For property investors, therefore, as a general rule of thumb, it will likely remain most tax-efficient to trade as a limited business (or special purpose vehicle) for the next couple of tax years. Particularly for higher-rate taxpayers, the 19% business rate tax is appealing.

Investors trading as a sole trader or unincorporated business will be liable for income tax at 20% on the basic rate up to £37,500 net income, and at 40% for earnings up to £150,000. The highest income tax band applies to income of over £150,000, at 45%.

We still don't have detail about what the corporation tax bands might look like or on what thresholds the tapered relief will apply. Hence, as we get closer to this new regime, it remains critical for property investors to keep a close eye on what tax rates they are likely to be liable for.

Are There any New Grant Schemes Property Investors Can Apply For?

The government extended many of the pre-existing financial grants schemes last week during the Budget announcement. Business rate holidays, VAT reductions on hospital sector services and apprenticeship schemes have all been extended through to the coming months.

There are a few new initiatives, although primarily aimed at incorporated companies rather than self-employed investors:

  • Tax rebates are available for employers who have paid for employee Coronavirus tests.
  • Recovery Loans are opening in April with an 80% government guarantee, for applications from £25,000.
  • Flexible apprenticeship schemes are launching to support apprentices working in multiple employers in the same sector.
  • Help to Grow is provided free training and subsidised resources for digital and management upgrades.

Information that may be more relevant to those property investors who are not trading as a limited company include a freeze on personal allowances. For 2021/22, this has increased to £37,700 but will remain static until April 2026 - which may mean that the additional tax burden makes more investors consider incorporating.

Capital Gains tax is not changing, though, which is positive after lots of media rumblings about potential increases to help meet budget shortfalls. Until 2026, CGT will be exempt up to gains of £12,300.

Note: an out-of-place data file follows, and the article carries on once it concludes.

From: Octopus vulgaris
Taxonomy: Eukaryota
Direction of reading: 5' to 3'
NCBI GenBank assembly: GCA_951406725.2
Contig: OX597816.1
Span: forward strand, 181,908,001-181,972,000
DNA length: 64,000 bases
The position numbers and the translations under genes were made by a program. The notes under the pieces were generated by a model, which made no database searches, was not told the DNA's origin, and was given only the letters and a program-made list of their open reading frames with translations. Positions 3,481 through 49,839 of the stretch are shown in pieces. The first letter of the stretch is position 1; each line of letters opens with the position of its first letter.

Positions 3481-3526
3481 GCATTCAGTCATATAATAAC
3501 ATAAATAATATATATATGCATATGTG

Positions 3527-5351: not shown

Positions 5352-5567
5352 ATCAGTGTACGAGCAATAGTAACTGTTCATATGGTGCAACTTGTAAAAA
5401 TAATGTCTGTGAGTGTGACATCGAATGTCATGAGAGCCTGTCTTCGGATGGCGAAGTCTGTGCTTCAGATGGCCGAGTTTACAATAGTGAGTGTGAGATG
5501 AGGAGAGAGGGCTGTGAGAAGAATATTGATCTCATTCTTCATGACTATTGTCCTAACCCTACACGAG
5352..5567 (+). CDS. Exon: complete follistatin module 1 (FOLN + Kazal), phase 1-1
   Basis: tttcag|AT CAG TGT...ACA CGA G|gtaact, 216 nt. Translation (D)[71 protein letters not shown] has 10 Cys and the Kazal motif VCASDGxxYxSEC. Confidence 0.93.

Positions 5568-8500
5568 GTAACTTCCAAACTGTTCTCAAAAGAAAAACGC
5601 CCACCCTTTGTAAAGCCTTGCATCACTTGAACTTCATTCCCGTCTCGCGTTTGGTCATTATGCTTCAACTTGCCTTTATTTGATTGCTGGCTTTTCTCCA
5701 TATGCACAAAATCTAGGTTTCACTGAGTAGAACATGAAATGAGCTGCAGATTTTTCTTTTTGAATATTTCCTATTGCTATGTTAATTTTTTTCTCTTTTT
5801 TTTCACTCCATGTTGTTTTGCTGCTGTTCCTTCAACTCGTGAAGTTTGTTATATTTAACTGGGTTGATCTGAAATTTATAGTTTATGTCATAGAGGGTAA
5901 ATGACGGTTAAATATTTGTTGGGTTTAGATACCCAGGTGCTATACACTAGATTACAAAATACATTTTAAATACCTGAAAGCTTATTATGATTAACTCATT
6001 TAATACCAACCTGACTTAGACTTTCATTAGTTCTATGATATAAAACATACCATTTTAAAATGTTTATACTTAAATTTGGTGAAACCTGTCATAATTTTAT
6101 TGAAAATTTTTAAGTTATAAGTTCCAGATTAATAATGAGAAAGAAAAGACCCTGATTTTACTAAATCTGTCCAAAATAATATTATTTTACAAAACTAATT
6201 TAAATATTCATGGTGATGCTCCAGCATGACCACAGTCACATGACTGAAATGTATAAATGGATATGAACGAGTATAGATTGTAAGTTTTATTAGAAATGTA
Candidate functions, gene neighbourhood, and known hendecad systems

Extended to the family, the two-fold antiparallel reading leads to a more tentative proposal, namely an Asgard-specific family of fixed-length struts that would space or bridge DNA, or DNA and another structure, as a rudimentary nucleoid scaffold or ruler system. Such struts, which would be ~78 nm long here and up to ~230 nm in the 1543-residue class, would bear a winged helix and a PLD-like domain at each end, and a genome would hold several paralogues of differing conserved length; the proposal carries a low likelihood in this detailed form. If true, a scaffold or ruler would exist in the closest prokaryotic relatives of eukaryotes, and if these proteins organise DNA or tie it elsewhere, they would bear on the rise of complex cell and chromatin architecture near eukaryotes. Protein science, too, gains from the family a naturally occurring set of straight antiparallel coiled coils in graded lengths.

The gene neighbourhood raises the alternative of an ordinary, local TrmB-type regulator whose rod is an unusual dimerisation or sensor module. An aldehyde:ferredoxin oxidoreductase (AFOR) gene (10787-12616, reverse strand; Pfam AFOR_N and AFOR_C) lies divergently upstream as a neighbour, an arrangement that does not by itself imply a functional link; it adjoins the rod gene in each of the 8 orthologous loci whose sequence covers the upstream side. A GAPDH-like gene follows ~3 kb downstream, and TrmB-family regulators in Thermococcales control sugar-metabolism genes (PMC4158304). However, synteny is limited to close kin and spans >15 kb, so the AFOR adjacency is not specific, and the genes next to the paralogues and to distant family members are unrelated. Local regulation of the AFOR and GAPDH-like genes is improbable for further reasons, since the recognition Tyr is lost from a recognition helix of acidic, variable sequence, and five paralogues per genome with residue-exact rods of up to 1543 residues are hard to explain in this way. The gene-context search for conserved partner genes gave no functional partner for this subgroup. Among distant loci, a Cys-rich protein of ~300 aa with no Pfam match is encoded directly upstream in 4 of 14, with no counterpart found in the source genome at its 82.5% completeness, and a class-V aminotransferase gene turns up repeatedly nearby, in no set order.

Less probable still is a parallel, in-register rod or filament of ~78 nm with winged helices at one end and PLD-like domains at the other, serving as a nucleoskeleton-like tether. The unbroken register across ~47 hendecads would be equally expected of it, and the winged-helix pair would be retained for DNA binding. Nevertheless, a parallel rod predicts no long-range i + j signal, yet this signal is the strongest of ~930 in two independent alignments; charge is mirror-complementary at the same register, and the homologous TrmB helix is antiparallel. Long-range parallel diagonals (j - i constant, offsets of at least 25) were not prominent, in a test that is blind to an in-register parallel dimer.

For the year ahead, much of the Budget news means that a lot won't change, with many allowances, tax rates and contributions caps fixed and frozen for some time to come.

However, now that we know what corporation tax rates will look like, rental landlords have a couple of years to assess the profit value of their portfolios and make decisions about the right trading structure to ensure they are trading as efficiently as possible.

Contact us now to discuss your personal options, Revolution Finance Brokers specialise in commercial and residential finance in Essex, Kent, London and Hertfordshire.

Author

Almas Uddin

FCA disclaimer

*Based on our research, the content contained in this article is accurate as of most recent time of writing. Lender criteria and policies change regularly so speak to one of the advisors we work with to confirm the most accurate up to date information. The information on the site is not tailored advice to each individual reader, and as such does not constitute financial advice. All advisors working with us are fully qualified to provide mortgage advice and work only for firms who are authorised and regulated by the Financial Conduct Authority. They will offer any advice specific to you and your needs. Some types of buy to let mortgages are not regulated by the FCA. Think carefully before securing other debts against your home. As a mortgage is secured against your home, it may be repossessed if you do not keep up with repayments on your mortgage. Equity released from your home will also be secured against it.